New research out of the University of Pittsburgh indicates that patients’ perceptions of their own health and balance have an impact on how much they walk. The study was originally published in Physical Therapy (December 2008), the scientific journal of the American Physical Therapy Association (APTA), Alexandria, Va.
“The purpose of this cross-sectional study was to investigate the simultaneous impact of psychological factors, health perception and balance perception, and physiological factors—gait speed, fall history, and balance performance—on walking activity in older adults,” says Jaime B Talkowski, PT, PhD, the study’s lead researcher and a research associate and instructor at the University at the time of the study. “What was surprising to us was learning that health and balance perception were significantly related to walking activity—more so than fall history or balance performance.”
Participants who perceived their overall health and balance to be good (63%) walked more blocks per week than those who thought one factor was good and the other was poor (26%). Those participants who perceived both their overall health and balance to be poor (11%) walked even less. Participants who walked a normal speed walked more blocks per week than those who walked at a slow speed.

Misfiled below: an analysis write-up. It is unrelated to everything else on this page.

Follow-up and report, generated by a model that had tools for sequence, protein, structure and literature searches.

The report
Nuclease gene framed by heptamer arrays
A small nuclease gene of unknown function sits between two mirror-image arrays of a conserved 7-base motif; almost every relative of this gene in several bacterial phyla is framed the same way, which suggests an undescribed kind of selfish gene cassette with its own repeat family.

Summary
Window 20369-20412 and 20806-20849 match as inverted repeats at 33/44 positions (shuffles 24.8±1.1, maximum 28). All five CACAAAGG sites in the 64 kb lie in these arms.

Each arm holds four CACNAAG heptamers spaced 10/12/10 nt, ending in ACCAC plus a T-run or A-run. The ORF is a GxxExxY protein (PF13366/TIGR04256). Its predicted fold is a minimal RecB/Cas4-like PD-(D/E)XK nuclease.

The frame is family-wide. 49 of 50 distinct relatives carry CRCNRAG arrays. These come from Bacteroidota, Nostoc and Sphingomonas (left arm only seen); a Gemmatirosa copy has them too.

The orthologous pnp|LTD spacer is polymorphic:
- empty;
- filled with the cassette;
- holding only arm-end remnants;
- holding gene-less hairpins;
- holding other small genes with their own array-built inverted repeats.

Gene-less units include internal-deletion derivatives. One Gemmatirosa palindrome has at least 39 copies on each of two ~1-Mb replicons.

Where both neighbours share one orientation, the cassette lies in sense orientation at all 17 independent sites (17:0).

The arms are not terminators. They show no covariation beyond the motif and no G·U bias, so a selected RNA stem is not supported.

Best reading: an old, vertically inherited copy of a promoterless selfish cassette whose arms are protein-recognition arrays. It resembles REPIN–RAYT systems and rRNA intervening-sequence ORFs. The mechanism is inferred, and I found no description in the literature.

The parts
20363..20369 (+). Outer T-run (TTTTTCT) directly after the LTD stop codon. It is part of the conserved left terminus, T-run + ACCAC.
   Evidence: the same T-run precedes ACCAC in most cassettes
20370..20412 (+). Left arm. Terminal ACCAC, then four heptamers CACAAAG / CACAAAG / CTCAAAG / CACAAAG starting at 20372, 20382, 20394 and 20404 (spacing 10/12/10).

The study followed 2,269 older adults (age 65-plus) with a median age of 79.2 years. “This study is significant because it clearly demonstrates how perception of health and balance can influence how often older adults exercise,” Talkowski says. “It is important for physical therapists to ask questions relating to health and balance perception, as well as health history, during their examination. The more we know about patients’ perception of their health and balance, the better we can address their issues.”